Cover via Amazon
One goal this summer is to meander through the Advanced Placement books I inherited from former teachers and determine my own class reading list. Some books are friends (Hi, Jane, good to see ya) and others I am waiting for an unspecified time to introduce myself (Portrait of a Young Man). Length is a consideration at this point, meaning reasonable so I can get through as many as possible. Fortunately, there are many in that category and are waiting patiently for my in my book bag. I am concerned my students are going to be better read than I when it comes to the suggested AP reading list. Can’t have students being smarter than teacher, eh?
My list began with Room with a View. Though the book is not overpowering in length, I moseyed through it. Forster is not a dine and dash author; one must read and relish. Vocabulary, writing style (that omniscient narrator is a little cumbersome at times), and pacing are all considerations. These are not insurmountable problems. My real problem was how Helena Bonham-Carter’s face kept popping up during my reading. This stems from having watched the Bonham-Carter adaptation ever so long ago and her white linen suit and expressive face would hover at the edges of the novel. It wasn’t terribly disconcerting, although it makes it difficult for a clean read,*
Having finished the book, I have decided it’s a definite keeper, and to interest my students in reading it I’ve pulled some snippets to share with them.
- Mr. Beebe was right. Lucy never knew her desires so clearly as after music. She had not really appreciated the clergyman’s wit, nor the suggestive twitterings of Miss Alan. Conversation was tedious; she wanted something big, and she believed that it would have come to her on the wind-swept platform of an electric tram.
- Why were most big things unladylike? Charlotte had once explained to her why. It was not that ladies were inferior to men; it was that they were different. Their mission was to inspire others to achievement rather than to achieve themselves. Indirectly, by means of tact and a spotless name, a lady could accomplish much. But if she rushed into the fray herself she would be first censured, then despised, and finally ignored. Poems had been written to illustrate this point.
These passages spotlight why Room With A View is a TBR (to be read.) Forster underscores Lucy’s quest for what makes herself tick, and she wants to do it on her own. She is tired of others telling her what to say, what to think, and how to act, for it has numbed her creative aspirations to do for herself. The only time she feels moved out of this numbness is after playing music. Music becomes a catalyst to opening up her emotional pores, so to speak. The music stirs a yearning within, although she is not quite sure of what, but she does know it involves moving from where she is, hence, the train metaphor.
After my booktalk on RWAV I will end with a clincher as to why they should select it for their TBR list: And is Lucy’s predicament of finding herself so different your own desire to break free and become your own person? (So, try it, you’ll like it).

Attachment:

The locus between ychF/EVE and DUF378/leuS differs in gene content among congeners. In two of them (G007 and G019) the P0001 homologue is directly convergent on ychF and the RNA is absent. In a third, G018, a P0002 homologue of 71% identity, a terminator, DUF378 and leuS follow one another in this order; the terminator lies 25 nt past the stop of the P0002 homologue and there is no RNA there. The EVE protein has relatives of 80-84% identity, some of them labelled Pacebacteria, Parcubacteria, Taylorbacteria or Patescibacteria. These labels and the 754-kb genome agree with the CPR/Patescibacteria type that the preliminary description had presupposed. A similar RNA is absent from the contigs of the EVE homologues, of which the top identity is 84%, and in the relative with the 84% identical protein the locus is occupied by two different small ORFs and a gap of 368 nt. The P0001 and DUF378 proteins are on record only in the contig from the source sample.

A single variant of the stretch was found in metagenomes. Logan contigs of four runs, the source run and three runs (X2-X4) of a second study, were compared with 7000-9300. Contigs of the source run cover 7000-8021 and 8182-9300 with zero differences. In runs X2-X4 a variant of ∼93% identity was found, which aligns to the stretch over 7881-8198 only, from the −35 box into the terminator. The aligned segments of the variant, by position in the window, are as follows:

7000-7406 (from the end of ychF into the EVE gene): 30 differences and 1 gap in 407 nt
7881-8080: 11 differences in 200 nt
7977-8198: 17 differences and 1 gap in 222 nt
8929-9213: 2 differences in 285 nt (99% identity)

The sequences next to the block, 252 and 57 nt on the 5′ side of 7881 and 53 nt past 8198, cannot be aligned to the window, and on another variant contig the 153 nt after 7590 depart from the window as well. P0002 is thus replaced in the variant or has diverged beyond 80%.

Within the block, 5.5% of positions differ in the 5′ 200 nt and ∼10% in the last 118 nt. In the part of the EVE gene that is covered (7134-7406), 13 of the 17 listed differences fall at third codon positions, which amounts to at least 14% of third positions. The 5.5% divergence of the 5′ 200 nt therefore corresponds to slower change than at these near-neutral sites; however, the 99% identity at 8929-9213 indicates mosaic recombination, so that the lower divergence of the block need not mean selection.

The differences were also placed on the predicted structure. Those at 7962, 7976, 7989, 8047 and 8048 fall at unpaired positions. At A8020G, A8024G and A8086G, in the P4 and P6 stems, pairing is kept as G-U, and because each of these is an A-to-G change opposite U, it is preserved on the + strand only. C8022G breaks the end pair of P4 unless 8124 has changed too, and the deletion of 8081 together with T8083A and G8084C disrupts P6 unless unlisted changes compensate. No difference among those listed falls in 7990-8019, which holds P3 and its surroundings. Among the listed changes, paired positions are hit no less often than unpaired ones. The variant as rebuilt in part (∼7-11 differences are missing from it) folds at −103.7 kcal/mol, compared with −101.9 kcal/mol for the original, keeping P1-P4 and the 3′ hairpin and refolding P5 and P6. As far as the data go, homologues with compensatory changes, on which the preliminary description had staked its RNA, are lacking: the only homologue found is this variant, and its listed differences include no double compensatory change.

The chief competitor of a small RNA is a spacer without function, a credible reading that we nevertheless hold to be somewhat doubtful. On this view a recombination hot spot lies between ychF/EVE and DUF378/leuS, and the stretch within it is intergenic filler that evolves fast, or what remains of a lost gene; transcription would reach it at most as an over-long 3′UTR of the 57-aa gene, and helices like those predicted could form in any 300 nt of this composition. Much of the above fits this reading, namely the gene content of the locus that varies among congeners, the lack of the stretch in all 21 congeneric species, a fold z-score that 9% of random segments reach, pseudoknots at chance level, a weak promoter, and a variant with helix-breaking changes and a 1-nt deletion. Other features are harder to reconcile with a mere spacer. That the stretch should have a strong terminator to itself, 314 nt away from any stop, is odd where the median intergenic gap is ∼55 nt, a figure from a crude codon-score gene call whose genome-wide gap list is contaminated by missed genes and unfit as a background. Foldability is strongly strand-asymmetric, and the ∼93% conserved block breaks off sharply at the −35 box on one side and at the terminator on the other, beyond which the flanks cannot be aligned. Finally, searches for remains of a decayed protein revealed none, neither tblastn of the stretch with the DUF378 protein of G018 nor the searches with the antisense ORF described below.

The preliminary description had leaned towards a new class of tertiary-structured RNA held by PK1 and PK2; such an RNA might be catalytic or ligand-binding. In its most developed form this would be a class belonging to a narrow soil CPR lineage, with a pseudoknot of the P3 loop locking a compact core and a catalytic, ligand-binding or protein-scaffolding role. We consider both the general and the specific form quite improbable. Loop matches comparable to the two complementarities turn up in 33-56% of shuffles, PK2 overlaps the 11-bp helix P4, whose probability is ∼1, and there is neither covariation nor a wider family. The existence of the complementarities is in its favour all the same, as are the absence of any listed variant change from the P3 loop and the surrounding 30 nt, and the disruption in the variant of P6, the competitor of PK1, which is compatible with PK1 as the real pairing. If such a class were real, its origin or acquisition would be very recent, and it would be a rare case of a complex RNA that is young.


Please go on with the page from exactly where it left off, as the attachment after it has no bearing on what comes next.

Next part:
If the selected passages don’t tempt my students I intend on nudging their interest through sex and violence, which are spices few resist, especially among youth.
Throughout the book Lucy experiences life by increments and when she tries to rush into larger experiences, the results are tragically unexpected. About on her own she witnesses a murder in the public square and that incident is the catalyst for other events. Having been protected from the baser aspects of life, Lucy does not know how to acknowledge this unexpected violence. Nothing like an old-fashioned impassioned stabbing to open the eyes that life is not all lace and crumpets. She is rescued by George.
- In chapter six we find Lucy is unsure what to do about the attentions of George Emerson:
- In an open manner he had shown that he wished to continue their intimacy. She had refused, not because she disliked him, but because she did not know what had happened, and suspected that he did know. And this frightened her.
Lucy refers not to the incident when George in an impetuous moment kissed her, rather she refers to how he came to her aid after she had witnessed the street murder. To talk of death, seemingly creates more intimacy than sharing life through a kiss. Neither event had she partaken prior to coming to Italy, and both significant events are shared with George. No wonder the poor girl is not ready to continue on—she must be thinking whatever is the next step, and that is the page-turning question: How awakened is Lucy going to become? And will it be with George?
Lucy Honeychurch—I believe we all have a bit of Lucy within us, and it doesn’t necessarily take an Italy to find ourselves, but I hope we all have a George in our lives, someone who prevents us from making a costly mistake, and someone who helps us realize how alive we really are.
After the book I sought out the movie versions. Helena, not being available, I checked out the Masterpiece Theater version. Andrew Davies is masterful at sifting through the dross to pull out the shiny bits of a novel. Sadly, I was none too happy with Mr. Davies in how he ended the MT version. Major spoiler if I continue. Excuse me while I go out to find if Helena is still busy.
*reading the book FIRST and then watching the movie in order to form my own visuals of characters, etc.